By Bruce Pascoe

Edited by Sophie Cunningham


Her back hunched as she stepped gingerly through the slip of water on the sandbar. Tea tree tannin had steeped the river in amber and you couldn’t help admiring the dark ginger fox on a ground of golden liquor.

Why did I think of you when I saw the fox hunting mullet in the river shallows? She must have been engrossed in her work because her coat was damp and she’d ruffled it into feathers to protect herself from the cold. Her back hunched as she stepped gingerly through the slip of water on the sandbar. Tea tree tannin had steeped the river in amber and you couldn’t help admiring the dark ginger fox on a ground of golden liquor.

The only awkward posture in the scene was the way she hunched her back, whether as reaction to the cold or coiled to pounce on fish I couldn’t tell. She didn’t seem pleased by my sudden appearance but refused to look at me directly. The insouciance of vixens.

She would endure my presence simply because she was unwilling to waste the investment in her hunt. I was hunting too and knew how she felt, the intensity, the coiled energy, the hope.

I felt guilty for having imposed on her radiant quest. I passed on the opposite side of the river guiding the boat through the shallow channel that hugged the melaleucas and wattles growing on the bank. I looked back at her when I could take my eye from the navigation, fascinated by her high stepping stealth.

And I thought of you. Once again it took me days to return your call and you probably think I’m rude or neglectful, but I try to avoid the telephone as you know and my attention is so thoroughly in debt to the river, the insistence of its life.
The mist was thick at dawn. It hung like the gauze curtains you see in the back rooms of some old hotels where any welcome is reserved for the public areas. The old forgotten rooms where guests would stay in more prosperous times are left to decay, to shred, to dream old tattered dreams. The river mist wreathed in frayed drifts like that grey gauze of disappointment.

I had to peer into those old shabby rooms to find the river banks and the landmarks I used to follow the channel in the sandy river’s course. At last I could make out old Geoff’s fence. He shot himself last year. I wish he hadn’t. Took it bad when he had to sell the farm. The town blamed her but I’d seen them only a month before he died. Fishing together. They seemed happy. But how can you tell? Was the fox insouciant or careless? I chose the pride of insouciance because I’m just an observer, as distant from the true workings of a fox’s brain as I am from the motivations of most humans. Just an intrigued observer. No other gift than curiosity.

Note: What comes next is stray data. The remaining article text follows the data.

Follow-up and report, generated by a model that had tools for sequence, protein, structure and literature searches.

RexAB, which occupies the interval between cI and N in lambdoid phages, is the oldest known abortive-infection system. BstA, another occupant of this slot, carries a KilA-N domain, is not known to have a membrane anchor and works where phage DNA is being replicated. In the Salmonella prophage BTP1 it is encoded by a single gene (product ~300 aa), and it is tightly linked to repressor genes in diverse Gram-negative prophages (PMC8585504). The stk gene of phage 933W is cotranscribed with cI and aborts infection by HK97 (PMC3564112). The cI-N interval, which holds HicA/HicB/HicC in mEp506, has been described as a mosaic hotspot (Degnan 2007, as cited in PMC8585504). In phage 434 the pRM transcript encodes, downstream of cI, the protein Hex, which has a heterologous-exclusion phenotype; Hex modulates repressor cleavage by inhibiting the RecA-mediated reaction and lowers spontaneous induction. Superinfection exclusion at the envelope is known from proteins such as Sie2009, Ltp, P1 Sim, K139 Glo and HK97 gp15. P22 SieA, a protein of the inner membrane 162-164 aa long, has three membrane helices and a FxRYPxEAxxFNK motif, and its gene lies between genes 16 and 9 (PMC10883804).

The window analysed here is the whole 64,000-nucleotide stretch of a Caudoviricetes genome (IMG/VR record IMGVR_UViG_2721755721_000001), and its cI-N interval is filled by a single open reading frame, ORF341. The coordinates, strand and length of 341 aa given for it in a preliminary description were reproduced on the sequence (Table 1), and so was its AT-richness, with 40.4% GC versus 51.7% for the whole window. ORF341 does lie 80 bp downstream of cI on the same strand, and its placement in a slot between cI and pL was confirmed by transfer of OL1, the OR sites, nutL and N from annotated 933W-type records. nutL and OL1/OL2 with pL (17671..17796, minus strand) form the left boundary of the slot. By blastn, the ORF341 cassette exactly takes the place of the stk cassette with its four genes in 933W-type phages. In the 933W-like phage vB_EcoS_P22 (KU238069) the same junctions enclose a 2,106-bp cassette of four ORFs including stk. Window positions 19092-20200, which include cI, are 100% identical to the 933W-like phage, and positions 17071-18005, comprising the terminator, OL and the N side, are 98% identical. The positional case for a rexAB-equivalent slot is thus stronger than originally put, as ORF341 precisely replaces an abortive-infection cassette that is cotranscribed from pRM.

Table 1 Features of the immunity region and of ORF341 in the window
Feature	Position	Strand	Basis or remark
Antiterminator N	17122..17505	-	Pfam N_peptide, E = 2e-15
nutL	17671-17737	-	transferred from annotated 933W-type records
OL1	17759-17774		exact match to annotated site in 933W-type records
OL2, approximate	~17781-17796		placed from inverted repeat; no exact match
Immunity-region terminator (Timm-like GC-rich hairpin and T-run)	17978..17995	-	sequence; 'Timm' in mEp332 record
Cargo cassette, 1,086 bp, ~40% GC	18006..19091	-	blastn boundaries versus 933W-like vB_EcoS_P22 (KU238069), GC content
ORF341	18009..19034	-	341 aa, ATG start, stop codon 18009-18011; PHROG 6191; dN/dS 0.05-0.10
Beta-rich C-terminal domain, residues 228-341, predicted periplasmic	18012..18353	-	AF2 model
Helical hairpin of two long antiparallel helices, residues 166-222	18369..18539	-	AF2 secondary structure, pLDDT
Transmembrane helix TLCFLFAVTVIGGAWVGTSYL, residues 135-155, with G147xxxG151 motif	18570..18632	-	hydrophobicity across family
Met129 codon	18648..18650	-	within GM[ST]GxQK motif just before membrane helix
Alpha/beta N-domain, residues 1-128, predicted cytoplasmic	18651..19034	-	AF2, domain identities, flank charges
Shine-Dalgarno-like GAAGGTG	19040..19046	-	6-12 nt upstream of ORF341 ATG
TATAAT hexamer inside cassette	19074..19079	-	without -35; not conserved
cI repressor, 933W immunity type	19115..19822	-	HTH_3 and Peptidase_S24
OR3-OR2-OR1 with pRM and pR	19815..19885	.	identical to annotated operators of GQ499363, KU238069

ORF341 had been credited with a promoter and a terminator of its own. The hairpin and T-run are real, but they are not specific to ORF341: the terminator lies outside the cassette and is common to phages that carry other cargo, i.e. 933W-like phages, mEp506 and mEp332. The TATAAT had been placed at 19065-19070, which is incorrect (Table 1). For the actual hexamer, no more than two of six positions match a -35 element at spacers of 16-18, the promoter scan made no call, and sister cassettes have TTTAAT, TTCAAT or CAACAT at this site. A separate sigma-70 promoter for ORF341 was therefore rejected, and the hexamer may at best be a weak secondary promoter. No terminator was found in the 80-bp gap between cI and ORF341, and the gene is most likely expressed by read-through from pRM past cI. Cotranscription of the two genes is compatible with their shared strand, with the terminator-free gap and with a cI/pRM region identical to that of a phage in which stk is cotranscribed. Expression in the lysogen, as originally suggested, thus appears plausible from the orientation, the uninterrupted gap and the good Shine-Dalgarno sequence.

I loved Geoff. When I returned prodigal to the rivers after twenty five years away Geoff was delighted to see me and I clung to his welcome. He sat me down to remind me of a cricket game we’d played together thirty two years ago.

Geoff loved his cricket and loved talking about his two game career. In Geoff’s version of events his contribution was vivid, not overly embellished, but his ordinariness was central to the play. It was a great way to be welcomed.

I wish you hadn’t done it Geoff. I can’t bear to look at your hillsides now. Without you.

Then you pass Byron’s farm. He was a city man, a nerve nut, nose eroded by alcohol. He decided to become a market gardener but the tomato wilt got him. Really it was the absence of his wife. She couldn’t stand the loneliness of the river, the dawn mists parting reluctantly like the shrouds in a funeral parlour. Byron couldn’t explain its beauty and she couldn’t bear the awful screaming of the yellow bellied glider, the haunting white ghostliness of the masked owl. And its call; like death itself.

Byron grieved and so, after another year of battling the wilt, he left the hothouses and went back to the suburbs. For love.

And the next farm, on the bluff above Byron’s empty gardens, belongs to a Samoan abalone diver. His brother was shot by a gay man. The surviving brother played one game of cricket just so he could use his dead brother’s bat. Geoff would have loved it. So did I. I taught both brothers. Wild men of the sea. Lovely lost Samoans.